I think so, that's why they brought me in. Let's hope that trend continues. We are now open to campus in San Francisco to be closer to the tech startup part. There's been a lot more emphasis placed on entrepreneurship because even within the organization, high level executives are looking for people who can think entrepreneurly. And I think that in terms of being an entrepreneur the sort of network that you get , the access you have to the capital, the access you have to people who can later on provide you with potential suppliers and customers and that's sort of things is really invaluable. Now I don't know that you necessarily needed to learn the needy gridy in terms it actually operate a business because a lot of that is just making mistakes on your own and learning, but that gives you this space,it gives you almost a foundation that I think it's pretty valuable.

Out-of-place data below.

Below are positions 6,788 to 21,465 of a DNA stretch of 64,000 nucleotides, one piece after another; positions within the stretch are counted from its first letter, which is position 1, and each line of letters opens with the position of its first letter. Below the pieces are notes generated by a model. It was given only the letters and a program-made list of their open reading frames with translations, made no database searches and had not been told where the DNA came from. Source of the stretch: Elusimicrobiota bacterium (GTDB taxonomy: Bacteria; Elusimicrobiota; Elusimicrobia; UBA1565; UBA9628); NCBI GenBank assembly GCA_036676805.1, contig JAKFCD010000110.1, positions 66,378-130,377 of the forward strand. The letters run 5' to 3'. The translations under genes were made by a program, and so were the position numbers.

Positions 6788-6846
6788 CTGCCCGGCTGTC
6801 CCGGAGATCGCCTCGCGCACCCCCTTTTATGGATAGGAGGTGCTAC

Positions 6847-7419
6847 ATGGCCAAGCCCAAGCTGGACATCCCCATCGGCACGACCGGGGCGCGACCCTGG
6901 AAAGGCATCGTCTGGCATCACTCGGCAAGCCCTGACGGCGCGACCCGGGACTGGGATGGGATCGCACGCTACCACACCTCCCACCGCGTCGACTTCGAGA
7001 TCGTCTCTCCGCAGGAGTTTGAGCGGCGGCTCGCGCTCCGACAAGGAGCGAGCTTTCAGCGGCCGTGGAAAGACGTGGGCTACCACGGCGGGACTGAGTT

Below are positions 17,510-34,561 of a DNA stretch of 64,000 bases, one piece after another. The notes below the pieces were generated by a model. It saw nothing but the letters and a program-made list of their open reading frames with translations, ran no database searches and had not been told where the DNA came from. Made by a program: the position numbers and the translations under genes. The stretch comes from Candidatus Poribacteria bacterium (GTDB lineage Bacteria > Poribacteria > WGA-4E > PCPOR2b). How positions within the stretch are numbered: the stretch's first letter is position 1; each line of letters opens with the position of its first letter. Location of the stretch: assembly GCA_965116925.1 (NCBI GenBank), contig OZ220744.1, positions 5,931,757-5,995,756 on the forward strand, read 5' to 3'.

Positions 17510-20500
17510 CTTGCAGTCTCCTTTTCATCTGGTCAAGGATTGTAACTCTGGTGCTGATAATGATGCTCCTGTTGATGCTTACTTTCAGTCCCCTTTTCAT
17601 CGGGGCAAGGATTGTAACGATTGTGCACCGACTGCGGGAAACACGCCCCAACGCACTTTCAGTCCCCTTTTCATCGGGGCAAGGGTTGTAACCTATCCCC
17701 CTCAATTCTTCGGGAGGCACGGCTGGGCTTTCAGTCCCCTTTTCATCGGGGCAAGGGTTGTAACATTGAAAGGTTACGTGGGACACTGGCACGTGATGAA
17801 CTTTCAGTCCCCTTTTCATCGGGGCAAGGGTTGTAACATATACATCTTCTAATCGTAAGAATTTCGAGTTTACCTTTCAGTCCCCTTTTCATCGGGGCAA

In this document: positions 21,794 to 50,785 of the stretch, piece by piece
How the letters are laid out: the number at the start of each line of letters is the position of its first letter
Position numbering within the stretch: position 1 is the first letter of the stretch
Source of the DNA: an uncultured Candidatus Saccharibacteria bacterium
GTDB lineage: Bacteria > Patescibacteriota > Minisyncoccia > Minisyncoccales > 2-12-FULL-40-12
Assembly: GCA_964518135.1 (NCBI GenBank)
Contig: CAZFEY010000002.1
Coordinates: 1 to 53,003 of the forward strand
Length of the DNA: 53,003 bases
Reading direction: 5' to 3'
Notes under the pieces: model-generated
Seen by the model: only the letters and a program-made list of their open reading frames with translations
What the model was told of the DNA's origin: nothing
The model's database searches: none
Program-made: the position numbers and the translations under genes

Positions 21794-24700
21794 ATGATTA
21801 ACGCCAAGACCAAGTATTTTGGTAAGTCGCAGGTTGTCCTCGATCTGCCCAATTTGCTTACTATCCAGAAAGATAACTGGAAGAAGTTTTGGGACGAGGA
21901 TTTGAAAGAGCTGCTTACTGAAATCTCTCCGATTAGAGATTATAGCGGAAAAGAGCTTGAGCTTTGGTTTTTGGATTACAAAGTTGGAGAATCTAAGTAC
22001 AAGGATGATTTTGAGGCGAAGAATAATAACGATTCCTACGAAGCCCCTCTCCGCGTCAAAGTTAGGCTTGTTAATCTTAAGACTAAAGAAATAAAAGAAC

Any last piece of advice ?

My last piece of advice I tend to give people is to be confident and to go for it. Everyone has their own insecurities, everyone has a reason for why they shouldn't go for something, but really just look inside yourself, figure out what it is your strengths and weaknesses are, throw yourself into it and just go for it, give it a try. No one is ever ready for anything. It's like having a baby, you are never ready to have a baby. But you know you never really prepared until you throw into it, you throw into the water and then think and swim, and 99% of the time if you care about it, you will swim. You will figure out a way into to make it a success.
Thank you Laura.

2015 / 10 / 28